Monday, July 27, 2009

Torinus Hits the Grand Slam on ObamaCare

Beyond the headline coverage ("ice-floe" treatment of older people, abortion coverage, etc.) are a number of very important and not-clearly discussed practical problems with ObamaCare. These are the 'macro-problems,' so to speak.

Torinus nailed a few of them. One that had been mentioned on this blog:

The House-passed 8% payroll tax on companies that don't provide coverage. My company, like many companies, is spending about 15% of payroll on health care. Why would Serigraph and other companies not opt for the 8% penalty, drop coverage and let our employees go to a public plan? We would save several million dollars a year at taxpayer expense. The Wisconsin Democrats and AFL-CIO were more realistic when they put a 15% to 20% payroll tax into their Healthy Wisconsin bill.

Indeed. This does not require an MS/Mathematics. And as much as the Wisconsin plan was justifiably derided by Conservatives, their numbers are, indeed, far more realistic.

The "public option" that would pay a little more than Medicare rates to providers. Medicare uses government price controls to reimburse at 40% to 50% of retail charges. Big private insurers pay 70% to 80%. How could the private insurers ever compete with the public insurance company and its price controls? Smart analysts predict a stampede out of private coverage to the cheaper public plan. The subsidies, direct and indirect, will rival the massive expense of Medicare and Medicaid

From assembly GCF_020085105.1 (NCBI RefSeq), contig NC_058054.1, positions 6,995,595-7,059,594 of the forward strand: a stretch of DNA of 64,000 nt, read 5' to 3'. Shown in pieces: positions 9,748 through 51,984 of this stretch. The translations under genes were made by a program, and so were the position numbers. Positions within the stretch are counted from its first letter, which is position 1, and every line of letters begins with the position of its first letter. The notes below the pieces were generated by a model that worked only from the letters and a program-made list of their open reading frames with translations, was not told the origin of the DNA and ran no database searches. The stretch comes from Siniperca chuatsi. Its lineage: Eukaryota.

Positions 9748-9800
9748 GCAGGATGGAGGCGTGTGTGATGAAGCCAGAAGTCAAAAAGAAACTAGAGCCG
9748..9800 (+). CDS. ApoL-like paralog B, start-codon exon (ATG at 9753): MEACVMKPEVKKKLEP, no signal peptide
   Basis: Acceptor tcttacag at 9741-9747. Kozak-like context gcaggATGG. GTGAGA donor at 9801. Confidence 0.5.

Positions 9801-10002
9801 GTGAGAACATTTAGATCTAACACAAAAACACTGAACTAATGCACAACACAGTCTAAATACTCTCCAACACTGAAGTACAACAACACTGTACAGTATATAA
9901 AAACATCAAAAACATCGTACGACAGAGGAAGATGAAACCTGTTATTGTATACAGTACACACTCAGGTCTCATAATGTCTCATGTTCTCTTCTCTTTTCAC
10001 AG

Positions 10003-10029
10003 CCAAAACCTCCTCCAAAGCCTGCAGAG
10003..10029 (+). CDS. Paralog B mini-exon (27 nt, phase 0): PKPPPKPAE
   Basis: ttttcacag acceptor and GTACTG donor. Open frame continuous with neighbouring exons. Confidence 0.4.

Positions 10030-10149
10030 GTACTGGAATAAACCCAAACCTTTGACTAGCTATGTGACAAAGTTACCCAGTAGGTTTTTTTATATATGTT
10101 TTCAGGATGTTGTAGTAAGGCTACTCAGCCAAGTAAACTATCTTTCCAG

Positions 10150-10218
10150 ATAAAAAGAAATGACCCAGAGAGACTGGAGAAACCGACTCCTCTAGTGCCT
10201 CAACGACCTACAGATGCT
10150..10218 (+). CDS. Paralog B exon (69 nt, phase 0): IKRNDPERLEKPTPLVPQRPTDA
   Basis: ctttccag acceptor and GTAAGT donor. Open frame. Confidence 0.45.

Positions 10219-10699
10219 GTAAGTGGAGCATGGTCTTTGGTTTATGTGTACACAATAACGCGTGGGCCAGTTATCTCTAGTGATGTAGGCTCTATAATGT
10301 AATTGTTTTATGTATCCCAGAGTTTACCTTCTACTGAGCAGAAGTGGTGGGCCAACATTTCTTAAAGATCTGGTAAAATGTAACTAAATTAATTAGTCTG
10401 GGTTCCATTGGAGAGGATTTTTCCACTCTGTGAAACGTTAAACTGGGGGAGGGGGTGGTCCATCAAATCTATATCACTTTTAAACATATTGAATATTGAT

This disparity was supposedly resolved over the weekend, after Torinus penned the article. But the actual numbers have yet to be released.

The failure to deal with the glaring need to change from fee for service to bundled payments by treatment episodes. If you pay for procedures, that's what you get, lots of procedures, all piled into out-of-control, inscrutable bills.

Again, this is supposedly being addressed by some sort of commission in DC. So? It will be at least a couple of years before anything resembling an agreement is reached at the Commission, and then another long time before it is implemented.

Read the rest. He's batting 1.000 in this column.

1 comment:

Anonymous said...

I agree, that was his best column in a long time. Should be required reading for anyone who thinks that 0bamacare is going to work.